Are turtles born with the shells?

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The answer is yes!

Turtle shell is an inherent part of the turtle’s body that develops inside the egg itself. And unlike other reptiles that shed their skin, turtles develop this shell only once in their lifetime.

The shells are a combination of ribs and the spine that fuse as they continue to grow. These shells are important for their survival as the remaining body parts are quite soft and vulnerable.

Although they can rebuild the scutes that coat the soft shells in certain turtle species, they cannot regrow a shell on the whole. The process of the growth of turtle shells is pretty intricate. The mother lays the eggs in a state where the turtle development is in an early stage. The embryo then develops a notochord and somites.

These two eventually make the spine. Next, the carapacial ridge is formed inside the egg and the embryo starts resembling a turtle.

For the next some time, the carapace and bones develop. This is followed by the development of the plastron, ribs, and vertebrae.

As the ribs continue to grow, they finally fuse with the spine and create a shell. Finally, the scales on the carapace and plastron appear.

Why is it difficult for turtles to live without shells?

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Turtle upside down

Turtles are vulnerable creatures. They move slowly and have no other form of defense other than the robust turtle shell that they possess right from birth.

This is precisely why shells are extremely important for the survival of sea turtles as well as the tortoise species on the whole. The most important reason why turtles can’t live without their shells is that it is a part of their body.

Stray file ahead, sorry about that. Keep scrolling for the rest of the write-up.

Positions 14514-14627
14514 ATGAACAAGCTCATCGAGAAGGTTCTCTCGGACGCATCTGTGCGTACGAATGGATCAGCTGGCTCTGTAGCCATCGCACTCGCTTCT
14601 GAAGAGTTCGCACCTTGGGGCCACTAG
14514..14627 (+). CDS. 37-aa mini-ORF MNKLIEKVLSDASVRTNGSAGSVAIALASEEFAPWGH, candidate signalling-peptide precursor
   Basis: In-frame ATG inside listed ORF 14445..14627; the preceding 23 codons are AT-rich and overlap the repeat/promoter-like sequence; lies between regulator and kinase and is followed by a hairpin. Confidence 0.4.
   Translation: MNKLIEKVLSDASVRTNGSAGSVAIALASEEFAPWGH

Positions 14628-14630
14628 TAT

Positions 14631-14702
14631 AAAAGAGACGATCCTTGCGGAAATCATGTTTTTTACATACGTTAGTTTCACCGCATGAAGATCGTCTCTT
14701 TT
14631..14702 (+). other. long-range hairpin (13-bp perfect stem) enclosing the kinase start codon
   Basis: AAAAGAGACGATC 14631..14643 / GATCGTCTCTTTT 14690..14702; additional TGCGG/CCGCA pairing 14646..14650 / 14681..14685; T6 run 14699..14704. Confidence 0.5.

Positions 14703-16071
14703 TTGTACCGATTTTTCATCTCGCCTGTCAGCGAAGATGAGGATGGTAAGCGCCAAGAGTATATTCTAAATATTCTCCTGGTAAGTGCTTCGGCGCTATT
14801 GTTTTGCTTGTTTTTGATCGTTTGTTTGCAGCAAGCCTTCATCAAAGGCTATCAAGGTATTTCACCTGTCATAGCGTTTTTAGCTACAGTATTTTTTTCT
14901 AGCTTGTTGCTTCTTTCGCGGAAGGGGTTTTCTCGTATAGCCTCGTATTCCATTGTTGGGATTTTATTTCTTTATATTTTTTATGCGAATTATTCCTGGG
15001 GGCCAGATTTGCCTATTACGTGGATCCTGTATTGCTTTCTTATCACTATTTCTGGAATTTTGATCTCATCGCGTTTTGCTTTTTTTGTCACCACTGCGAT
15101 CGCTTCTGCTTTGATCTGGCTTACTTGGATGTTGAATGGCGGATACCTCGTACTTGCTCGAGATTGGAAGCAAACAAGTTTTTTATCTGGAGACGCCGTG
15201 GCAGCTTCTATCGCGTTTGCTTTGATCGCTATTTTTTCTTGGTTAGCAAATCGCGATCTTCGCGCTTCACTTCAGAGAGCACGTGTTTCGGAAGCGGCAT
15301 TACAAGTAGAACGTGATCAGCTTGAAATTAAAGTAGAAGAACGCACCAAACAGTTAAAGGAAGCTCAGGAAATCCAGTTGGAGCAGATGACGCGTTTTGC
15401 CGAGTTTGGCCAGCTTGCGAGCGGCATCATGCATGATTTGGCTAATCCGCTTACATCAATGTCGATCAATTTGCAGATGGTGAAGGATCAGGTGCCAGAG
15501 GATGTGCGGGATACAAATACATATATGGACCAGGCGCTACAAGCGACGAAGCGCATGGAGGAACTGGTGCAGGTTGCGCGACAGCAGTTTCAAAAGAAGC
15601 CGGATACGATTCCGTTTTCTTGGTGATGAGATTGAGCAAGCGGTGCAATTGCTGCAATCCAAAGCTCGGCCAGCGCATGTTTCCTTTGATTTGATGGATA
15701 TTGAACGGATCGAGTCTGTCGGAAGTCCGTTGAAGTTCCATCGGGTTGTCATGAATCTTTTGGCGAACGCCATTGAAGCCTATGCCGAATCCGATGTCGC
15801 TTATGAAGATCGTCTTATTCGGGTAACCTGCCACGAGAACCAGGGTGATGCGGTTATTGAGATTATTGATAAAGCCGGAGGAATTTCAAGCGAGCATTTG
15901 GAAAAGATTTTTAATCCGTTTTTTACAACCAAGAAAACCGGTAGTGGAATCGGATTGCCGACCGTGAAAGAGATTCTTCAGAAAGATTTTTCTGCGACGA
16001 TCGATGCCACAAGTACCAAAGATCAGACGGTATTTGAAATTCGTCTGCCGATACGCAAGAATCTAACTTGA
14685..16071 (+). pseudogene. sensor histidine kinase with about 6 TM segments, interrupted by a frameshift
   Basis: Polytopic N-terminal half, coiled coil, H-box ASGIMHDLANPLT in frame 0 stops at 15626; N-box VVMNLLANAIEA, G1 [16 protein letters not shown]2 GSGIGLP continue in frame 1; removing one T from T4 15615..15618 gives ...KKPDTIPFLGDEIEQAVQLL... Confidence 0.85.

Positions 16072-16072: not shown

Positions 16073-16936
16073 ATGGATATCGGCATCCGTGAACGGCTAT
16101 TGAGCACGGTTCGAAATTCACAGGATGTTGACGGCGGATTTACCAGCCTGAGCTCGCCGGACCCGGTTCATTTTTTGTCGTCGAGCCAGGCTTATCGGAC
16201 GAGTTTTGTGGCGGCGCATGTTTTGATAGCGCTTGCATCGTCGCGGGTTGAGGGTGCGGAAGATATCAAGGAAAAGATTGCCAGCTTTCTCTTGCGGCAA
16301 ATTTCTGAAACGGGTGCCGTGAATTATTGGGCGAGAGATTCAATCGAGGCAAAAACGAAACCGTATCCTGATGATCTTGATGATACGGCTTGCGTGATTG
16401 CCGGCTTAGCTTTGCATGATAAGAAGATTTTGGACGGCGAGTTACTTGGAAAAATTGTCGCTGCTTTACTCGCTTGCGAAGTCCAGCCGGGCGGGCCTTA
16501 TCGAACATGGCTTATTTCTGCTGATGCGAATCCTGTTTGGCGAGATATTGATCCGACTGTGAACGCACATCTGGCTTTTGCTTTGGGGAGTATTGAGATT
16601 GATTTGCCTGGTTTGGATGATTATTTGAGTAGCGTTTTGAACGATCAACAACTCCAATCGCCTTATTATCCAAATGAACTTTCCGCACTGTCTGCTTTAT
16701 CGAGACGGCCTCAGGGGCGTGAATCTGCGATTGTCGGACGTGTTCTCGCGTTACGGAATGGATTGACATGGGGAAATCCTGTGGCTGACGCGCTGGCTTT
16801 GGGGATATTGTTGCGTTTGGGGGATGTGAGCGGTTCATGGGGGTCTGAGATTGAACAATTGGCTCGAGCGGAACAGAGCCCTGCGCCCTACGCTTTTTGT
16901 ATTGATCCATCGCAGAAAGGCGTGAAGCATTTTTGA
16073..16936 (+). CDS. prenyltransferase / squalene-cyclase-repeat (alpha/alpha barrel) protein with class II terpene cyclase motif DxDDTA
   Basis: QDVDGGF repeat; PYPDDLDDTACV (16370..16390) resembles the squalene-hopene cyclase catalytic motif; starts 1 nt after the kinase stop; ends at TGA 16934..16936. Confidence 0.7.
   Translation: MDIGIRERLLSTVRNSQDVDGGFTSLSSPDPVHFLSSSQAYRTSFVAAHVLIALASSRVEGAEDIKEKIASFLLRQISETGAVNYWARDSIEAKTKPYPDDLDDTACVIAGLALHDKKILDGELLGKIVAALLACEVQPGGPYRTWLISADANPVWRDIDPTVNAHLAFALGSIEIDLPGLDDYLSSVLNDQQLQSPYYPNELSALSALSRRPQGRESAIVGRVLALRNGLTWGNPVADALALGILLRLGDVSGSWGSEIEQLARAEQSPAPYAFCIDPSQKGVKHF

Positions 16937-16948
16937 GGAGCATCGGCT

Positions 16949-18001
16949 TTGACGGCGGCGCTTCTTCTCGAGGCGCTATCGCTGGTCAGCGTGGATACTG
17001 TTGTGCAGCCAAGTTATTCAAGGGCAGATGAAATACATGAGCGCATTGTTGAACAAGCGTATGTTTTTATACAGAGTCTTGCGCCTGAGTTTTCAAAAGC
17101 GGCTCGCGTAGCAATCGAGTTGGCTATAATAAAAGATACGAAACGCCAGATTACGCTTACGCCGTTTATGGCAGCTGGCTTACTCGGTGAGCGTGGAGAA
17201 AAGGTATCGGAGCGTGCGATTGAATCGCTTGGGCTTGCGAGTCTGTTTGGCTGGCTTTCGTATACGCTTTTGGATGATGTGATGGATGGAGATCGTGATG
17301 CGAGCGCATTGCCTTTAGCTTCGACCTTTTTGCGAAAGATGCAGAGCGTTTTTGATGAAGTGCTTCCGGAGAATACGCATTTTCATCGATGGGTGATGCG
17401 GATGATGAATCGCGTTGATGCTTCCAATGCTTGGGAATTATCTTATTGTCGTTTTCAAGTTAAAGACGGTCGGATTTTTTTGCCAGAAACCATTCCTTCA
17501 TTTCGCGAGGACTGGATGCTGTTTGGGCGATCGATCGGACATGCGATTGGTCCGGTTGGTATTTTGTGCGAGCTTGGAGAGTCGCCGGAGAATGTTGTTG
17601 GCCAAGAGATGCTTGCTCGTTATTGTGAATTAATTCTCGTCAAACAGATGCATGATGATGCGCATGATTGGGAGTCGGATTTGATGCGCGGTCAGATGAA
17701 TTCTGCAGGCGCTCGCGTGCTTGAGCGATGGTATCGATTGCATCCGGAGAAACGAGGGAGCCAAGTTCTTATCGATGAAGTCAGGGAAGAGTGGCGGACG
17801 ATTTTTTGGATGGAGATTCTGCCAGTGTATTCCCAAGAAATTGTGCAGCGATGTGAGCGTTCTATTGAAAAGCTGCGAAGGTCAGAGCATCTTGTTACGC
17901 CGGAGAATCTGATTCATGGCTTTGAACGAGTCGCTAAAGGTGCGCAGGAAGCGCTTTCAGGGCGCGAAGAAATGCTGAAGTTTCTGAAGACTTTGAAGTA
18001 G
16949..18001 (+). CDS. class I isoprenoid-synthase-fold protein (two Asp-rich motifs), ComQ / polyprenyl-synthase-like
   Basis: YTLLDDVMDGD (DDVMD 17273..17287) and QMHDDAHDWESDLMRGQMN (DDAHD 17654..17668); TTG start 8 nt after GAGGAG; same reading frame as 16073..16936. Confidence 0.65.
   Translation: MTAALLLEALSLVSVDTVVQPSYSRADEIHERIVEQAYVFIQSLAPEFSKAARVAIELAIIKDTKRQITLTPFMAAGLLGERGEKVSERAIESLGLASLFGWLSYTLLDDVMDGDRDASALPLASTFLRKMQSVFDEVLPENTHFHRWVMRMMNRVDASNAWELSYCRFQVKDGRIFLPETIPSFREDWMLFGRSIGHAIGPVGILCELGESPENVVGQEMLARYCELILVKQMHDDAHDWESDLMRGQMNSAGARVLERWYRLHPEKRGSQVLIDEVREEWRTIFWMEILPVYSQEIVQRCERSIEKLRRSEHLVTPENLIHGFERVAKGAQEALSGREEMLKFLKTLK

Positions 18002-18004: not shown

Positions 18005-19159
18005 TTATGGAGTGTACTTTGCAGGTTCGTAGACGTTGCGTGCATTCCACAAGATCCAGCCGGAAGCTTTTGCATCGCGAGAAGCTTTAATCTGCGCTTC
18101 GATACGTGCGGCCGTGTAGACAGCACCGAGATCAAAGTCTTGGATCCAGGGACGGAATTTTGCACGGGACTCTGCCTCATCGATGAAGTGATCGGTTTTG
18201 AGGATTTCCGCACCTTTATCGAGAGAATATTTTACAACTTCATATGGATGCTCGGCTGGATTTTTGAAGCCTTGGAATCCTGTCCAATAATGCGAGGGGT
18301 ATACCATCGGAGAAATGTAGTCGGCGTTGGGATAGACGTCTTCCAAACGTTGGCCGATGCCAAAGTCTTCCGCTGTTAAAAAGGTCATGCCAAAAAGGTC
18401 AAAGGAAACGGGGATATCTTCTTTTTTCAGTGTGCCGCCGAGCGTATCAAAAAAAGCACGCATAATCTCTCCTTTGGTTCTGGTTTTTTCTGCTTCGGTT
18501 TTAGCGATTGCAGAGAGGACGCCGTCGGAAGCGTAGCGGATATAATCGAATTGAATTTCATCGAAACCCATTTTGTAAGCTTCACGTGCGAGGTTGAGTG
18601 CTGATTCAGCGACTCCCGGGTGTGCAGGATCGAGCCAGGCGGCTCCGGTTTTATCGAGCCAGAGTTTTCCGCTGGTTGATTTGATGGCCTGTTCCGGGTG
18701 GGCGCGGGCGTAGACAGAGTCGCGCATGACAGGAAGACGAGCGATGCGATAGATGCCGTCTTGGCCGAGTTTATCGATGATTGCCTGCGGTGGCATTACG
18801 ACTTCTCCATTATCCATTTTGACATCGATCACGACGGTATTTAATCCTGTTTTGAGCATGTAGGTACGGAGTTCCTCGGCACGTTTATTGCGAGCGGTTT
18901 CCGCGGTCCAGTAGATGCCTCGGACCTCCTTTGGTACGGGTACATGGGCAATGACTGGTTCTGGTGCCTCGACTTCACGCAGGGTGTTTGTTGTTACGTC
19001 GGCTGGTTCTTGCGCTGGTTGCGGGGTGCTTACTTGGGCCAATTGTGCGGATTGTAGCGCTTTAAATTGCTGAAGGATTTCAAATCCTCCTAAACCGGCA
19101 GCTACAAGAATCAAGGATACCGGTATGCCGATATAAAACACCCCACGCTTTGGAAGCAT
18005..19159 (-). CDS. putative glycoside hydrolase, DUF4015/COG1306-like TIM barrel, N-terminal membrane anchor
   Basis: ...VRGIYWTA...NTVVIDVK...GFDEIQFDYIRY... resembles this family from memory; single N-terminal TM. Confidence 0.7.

Did You Know?

The leatherback sea turtles, sometimes called the lute turtle or leathery turtle or simply the luth, is the largest of all living turtles and the heaviest non-crocodilian reptile, reaching lengths of up to 2 metres and weights of 600 kg.

What does a turtle look like without a shell?

The shells are made of their bones (fused ribs and backbone) and are responsible for keeping their bodies together. Inside the shell, turtle bodies are soft and jello-like consistency.

Without the shell, they will be exposed to all kinds of attacks and damages from the surrounding environment.

Can turtles leave their shell?

It is not possible for turtles to lose their shell. Moreover, it is almost impossible for a turtle to survive without its shell.

Turtle and tortoise shells are a part of their body, and are connected through nerves, skin, ribs, and the spinal cord.

It can, though, fracture or break if faced with a strong impact.

They can face two types of fractures – depression fracture and missing shell fragmentation.

In depression fracture, the shell breaks from the middle, causing severe damage to the backbone. Missing shell fragmentation, on the other hand, ranges from a small piece missing from the which doesn’t make much of a difference to a very large piece that could prove to be fatal.

While it is believed that turtle shells heal themselves, it might not always be true in every case.

Also read: Elk vs moose: Which is Bigger? Where to Find them?

The evolution of turtles and their shells

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Today, it is quite impossible to envision a turtle without a shell. But if theories are to be believed, there was a time in their evolution cycle, when turtles existed without a shell.

There is still very little clarity about turtles developed their shells and how things became the way they are now, there are two major theories that scientists have relied on.